Cost of Long Term Care


A lot of people incorrectly assume that health insurance and Medicare will cover long term care. They cover medically necessary care for up to 100 days, or until you stop improving or stablize. After that, you’re on your own.

The majority of Americans over 60 do not have long term care insurance yet 70% will need care. So, why do people not buy insurance?

Most will say the cost of the policy. An average policy, depending on age, health and benefits chosen, will cost $1,000-$3,000 per year per person.

But what about the fact that the same people who say they will “self-insure” for long term care will never “self-insure” a parking meter… they always put money in the meter, even though they could easily afford and “self-insure” the parking fine.

We make decisions based mostly on emotion. That’s what causes people to buy stocks when they are high and sell when it crashes, the opposite of what seasoned investors do.

What if you “self-insure” for long term care, how much will it cost you? The national average for nursing home care is $89,000/year with some areas over $140,000/year. Home care and assisted living average $50,000/year. See how much care cost in your state: download the Cost of Care brochure.

For every $1,000 of monthly retirement income you want to generate from your own savings, you will need about $230,000 in assets, according to the Schwab Center for Investment Research. For example, if you want only $3,000 a month, or $36,000 a year, you would need savings of $690,000. That’s a conservative estimate, assuming that you earn 5.2% on your investments and live off the earnings without dipping into the principal.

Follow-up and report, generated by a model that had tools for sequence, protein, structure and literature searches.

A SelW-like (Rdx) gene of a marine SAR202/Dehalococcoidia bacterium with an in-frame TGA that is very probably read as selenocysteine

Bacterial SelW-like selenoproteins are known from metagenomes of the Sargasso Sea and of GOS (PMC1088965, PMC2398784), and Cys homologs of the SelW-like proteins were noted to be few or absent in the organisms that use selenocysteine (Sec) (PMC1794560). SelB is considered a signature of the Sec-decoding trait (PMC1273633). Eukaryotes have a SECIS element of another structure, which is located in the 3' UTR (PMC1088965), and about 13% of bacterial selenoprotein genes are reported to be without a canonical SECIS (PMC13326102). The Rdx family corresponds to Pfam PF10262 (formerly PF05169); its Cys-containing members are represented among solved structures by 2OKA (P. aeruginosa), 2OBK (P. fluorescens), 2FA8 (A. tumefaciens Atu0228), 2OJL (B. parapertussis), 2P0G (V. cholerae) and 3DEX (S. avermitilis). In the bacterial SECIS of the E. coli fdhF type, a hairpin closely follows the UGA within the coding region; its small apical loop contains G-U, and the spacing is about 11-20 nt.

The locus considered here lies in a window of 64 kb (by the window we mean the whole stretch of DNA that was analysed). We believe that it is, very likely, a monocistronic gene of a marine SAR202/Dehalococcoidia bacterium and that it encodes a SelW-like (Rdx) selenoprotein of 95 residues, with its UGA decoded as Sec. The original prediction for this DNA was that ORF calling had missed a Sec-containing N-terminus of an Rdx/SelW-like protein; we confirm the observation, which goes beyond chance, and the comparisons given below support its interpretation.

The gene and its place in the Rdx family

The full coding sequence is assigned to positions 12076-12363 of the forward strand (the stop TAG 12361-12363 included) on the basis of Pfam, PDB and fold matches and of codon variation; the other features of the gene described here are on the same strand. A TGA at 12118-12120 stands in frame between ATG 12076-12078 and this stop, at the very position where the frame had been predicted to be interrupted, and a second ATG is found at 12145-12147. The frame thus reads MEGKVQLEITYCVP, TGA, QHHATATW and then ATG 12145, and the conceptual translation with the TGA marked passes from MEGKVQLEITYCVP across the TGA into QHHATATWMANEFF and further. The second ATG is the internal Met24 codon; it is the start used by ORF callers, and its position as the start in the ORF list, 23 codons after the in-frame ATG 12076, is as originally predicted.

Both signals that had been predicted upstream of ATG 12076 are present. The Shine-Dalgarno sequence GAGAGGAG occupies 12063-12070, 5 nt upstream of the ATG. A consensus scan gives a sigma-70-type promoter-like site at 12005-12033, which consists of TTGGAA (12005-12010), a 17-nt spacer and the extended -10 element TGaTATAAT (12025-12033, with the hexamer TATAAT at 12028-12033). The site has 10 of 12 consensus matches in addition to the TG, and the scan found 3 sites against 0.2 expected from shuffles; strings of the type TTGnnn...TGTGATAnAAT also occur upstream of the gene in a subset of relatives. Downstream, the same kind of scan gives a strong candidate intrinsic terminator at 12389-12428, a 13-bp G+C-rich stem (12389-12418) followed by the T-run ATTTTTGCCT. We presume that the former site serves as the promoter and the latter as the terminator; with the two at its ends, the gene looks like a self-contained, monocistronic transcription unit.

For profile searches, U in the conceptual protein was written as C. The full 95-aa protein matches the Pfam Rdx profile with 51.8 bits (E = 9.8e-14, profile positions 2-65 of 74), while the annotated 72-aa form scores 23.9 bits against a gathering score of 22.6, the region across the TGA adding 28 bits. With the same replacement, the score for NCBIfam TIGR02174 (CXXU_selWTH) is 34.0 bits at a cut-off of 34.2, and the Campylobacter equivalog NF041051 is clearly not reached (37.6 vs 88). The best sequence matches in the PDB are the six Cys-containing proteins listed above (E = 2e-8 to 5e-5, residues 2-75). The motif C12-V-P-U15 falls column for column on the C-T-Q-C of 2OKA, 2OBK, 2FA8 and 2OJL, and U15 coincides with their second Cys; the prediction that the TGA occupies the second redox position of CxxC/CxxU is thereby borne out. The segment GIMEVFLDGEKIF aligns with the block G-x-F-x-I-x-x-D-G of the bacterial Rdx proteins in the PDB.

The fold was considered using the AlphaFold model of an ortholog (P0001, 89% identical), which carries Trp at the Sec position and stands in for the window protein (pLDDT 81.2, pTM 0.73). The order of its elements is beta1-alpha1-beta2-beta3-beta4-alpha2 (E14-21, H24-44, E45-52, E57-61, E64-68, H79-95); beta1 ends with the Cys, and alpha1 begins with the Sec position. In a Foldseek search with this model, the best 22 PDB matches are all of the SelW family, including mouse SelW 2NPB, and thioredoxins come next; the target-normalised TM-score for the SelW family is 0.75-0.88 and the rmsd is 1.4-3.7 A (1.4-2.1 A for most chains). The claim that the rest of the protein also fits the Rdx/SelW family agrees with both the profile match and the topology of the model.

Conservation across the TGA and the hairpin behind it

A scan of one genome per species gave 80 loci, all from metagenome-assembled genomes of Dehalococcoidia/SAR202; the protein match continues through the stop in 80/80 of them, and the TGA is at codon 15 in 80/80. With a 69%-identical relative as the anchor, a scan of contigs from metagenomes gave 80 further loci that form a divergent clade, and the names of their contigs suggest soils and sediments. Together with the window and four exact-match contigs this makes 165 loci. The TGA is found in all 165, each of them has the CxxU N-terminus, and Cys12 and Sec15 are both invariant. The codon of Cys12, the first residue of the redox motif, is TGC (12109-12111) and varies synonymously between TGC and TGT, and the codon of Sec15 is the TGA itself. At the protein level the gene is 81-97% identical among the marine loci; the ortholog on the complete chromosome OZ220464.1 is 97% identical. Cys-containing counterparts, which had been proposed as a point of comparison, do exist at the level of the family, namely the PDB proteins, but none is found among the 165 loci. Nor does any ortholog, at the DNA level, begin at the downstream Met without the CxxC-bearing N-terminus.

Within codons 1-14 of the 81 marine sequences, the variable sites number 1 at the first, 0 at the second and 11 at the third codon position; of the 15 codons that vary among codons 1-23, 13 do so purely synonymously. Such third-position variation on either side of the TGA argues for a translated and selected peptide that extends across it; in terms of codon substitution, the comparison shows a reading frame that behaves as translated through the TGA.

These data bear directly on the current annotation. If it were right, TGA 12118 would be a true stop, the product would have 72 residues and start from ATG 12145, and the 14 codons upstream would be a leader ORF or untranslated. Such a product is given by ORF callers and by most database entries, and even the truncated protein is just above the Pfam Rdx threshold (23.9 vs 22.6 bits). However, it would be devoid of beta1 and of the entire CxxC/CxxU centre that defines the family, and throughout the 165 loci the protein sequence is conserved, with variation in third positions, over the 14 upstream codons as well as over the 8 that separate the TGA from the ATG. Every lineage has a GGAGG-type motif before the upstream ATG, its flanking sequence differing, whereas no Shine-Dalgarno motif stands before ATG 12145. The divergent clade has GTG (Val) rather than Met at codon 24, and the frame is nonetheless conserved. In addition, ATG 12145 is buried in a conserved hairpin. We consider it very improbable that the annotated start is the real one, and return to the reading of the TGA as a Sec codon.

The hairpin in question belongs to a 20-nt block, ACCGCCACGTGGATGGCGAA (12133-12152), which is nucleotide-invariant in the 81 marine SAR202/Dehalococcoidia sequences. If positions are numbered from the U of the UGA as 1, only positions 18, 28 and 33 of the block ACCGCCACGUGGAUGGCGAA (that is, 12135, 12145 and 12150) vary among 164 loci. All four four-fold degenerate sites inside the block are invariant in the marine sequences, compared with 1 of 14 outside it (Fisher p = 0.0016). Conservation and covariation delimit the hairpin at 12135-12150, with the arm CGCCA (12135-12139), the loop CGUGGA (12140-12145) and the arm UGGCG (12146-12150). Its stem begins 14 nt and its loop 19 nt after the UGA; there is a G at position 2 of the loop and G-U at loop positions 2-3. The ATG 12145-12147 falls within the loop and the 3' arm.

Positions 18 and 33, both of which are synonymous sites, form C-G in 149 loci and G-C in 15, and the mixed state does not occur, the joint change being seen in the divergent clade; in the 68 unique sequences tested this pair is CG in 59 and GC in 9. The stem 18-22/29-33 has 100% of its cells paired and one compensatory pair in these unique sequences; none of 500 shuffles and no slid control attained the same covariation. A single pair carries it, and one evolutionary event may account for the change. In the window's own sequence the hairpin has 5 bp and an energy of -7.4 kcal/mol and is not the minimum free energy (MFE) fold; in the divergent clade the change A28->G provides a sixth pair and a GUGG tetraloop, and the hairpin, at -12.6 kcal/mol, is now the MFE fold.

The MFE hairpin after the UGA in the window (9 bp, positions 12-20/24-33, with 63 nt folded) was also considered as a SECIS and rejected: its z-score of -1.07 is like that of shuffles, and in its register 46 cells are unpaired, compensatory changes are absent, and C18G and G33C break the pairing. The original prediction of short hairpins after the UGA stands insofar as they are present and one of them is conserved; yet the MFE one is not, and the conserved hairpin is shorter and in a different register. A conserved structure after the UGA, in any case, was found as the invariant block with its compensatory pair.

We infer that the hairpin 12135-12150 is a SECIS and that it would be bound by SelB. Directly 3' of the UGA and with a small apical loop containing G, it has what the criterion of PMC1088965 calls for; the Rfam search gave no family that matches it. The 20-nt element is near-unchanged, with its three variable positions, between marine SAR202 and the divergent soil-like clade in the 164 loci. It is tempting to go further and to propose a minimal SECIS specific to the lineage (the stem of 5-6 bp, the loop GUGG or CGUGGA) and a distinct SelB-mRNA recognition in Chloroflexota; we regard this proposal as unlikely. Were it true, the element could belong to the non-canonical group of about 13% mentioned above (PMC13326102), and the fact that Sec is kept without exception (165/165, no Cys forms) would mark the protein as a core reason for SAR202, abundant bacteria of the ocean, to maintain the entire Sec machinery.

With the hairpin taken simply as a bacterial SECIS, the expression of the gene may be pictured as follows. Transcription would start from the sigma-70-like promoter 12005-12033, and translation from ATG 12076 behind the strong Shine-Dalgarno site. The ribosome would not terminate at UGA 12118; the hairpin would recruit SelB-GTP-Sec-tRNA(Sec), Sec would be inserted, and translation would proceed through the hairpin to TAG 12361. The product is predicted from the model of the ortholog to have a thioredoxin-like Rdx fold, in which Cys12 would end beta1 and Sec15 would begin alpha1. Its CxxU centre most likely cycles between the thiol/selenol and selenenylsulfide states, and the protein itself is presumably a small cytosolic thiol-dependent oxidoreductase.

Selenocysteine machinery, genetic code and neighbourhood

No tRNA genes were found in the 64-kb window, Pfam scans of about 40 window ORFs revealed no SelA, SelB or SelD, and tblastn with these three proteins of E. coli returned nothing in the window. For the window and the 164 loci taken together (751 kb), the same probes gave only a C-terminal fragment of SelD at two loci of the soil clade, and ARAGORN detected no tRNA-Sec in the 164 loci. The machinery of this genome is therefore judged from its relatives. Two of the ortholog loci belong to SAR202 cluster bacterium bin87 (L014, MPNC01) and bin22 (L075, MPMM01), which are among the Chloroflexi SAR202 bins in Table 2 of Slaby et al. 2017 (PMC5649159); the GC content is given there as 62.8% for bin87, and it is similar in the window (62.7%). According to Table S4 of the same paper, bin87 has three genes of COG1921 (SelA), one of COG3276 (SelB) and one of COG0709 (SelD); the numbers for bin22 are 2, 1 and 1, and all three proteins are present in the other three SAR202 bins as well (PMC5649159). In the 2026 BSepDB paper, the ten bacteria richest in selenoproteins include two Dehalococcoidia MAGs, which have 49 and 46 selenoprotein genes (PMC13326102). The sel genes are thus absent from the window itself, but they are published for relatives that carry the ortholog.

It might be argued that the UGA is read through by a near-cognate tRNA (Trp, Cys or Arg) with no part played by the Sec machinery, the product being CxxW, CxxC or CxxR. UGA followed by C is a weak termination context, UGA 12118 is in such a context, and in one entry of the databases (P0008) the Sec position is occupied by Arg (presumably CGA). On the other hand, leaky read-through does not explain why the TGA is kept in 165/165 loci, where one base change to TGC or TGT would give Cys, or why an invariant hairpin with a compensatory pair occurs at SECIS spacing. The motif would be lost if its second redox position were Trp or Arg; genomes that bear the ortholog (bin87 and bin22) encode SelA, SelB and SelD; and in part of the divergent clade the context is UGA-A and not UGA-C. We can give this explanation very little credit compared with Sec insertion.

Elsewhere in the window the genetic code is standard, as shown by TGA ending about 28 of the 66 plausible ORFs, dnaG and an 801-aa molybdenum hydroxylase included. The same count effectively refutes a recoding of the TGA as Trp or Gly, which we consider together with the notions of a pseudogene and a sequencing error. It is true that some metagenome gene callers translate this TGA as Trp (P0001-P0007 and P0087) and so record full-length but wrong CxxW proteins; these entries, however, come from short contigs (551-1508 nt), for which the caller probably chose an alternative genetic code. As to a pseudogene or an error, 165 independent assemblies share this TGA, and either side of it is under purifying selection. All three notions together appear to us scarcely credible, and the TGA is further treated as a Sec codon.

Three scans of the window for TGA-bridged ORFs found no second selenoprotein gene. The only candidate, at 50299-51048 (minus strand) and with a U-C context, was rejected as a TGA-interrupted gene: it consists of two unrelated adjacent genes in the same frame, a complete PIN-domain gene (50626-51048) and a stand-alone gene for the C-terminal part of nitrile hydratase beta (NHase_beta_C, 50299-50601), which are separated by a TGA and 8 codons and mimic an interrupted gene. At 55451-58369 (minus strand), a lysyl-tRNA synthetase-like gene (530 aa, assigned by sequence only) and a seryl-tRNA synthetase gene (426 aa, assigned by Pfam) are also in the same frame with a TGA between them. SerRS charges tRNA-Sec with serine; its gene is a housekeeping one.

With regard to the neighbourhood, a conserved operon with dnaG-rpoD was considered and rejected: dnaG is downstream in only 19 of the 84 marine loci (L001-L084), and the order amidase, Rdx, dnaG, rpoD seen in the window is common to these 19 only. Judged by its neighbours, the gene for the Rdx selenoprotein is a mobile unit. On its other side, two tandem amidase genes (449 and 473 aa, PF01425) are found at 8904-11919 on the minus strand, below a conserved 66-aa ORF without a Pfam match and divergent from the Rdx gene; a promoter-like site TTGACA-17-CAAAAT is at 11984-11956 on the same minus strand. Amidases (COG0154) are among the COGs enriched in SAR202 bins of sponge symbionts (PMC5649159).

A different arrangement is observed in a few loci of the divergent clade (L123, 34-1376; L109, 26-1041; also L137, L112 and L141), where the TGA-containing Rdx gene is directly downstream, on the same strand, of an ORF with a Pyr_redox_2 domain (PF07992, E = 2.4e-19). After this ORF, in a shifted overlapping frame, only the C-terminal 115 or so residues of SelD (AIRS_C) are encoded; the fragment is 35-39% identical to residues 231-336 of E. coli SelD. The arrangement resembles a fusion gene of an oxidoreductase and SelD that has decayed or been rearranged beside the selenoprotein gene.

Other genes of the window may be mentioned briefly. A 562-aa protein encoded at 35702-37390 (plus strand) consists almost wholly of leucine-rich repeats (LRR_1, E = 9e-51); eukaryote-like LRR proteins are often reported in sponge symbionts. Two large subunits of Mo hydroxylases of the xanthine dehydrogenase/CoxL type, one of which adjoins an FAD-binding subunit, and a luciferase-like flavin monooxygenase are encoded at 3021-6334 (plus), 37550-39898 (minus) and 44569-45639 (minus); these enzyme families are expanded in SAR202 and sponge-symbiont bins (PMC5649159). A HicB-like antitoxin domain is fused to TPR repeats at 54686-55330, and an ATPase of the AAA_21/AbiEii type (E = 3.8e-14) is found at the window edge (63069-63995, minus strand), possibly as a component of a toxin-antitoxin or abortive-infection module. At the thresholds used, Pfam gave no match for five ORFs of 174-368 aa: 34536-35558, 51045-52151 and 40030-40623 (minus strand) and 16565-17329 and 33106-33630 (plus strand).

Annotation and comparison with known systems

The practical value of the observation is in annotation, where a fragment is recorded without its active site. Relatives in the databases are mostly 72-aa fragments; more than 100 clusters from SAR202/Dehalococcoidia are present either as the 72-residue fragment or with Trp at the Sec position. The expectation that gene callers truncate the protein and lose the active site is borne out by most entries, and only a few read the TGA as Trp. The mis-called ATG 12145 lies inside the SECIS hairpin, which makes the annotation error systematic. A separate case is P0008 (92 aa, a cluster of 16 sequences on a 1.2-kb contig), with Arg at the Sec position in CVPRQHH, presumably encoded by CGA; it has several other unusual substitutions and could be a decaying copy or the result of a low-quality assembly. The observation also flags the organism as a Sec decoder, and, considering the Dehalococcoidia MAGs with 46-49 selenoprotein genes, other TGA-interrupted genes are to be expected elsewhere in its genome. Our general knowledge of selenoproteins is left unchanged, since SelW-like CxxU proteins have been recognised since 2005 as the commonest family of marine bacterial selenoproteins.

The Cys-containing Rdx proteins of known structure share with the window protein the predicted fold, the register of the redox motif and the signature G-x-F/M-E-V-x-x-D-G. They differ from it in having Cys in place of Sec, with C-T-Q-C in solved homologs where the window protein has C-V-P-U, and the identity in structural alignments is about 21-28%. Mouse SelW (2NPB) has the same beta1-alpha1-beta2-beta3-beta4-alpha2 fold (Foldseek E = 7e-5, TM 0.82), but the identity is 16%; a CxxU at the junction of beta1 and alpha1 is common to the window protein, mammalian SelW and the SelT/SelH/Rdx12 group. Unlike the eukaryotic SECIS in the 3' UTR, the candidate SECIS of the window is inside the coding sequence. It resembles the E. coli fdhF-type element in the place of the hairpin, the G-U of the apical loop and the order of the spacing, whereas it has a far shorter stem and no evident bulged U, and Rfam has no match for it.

If you cannot afford a long term care insurance policy, how are you going to afford paying out of pocket? The other option is spending all your cash for your care. This includes anything of cash value: savings, investments like stocks, bonds, life insurance, annuities. Medicaid allows you can keep only $2,000.

There are 30 states with filial laws that allow the state to make your children repay Medicaid for your care expenses, although this is rarely done. Fifteen years ago the #1 reason people bought long term care insurance was they did not want to be a burden on their family. Today, the #1 reason is people do not want to outlive their money (and end up on Medicaid-Welfare Health Care).

Some people will buy long term care insurance for asset protection. Most states have a Partnership program that will protect assets from Medicaid if you own a Partnership long term care insurance policy.

You have five options to pay for long term care:

1. Self-insure.

2. Long term care insurance and Partnership.

3. Life insurance with long term care rider.

4. Annuity with long term care rider.

5. Medicaid.

The life insurance and annuity do not qualify for the Partnership (neither do group LTC policies). The life/LTC or annuity/LTC are often bought because: the person’s health will not qualify for traditional LTC insurance, or the person has too many cash assets and they’d never spend down to qualify for Medicaid. An old life policy or old annuity can be converted to one with long term care benefits without paying capital gains.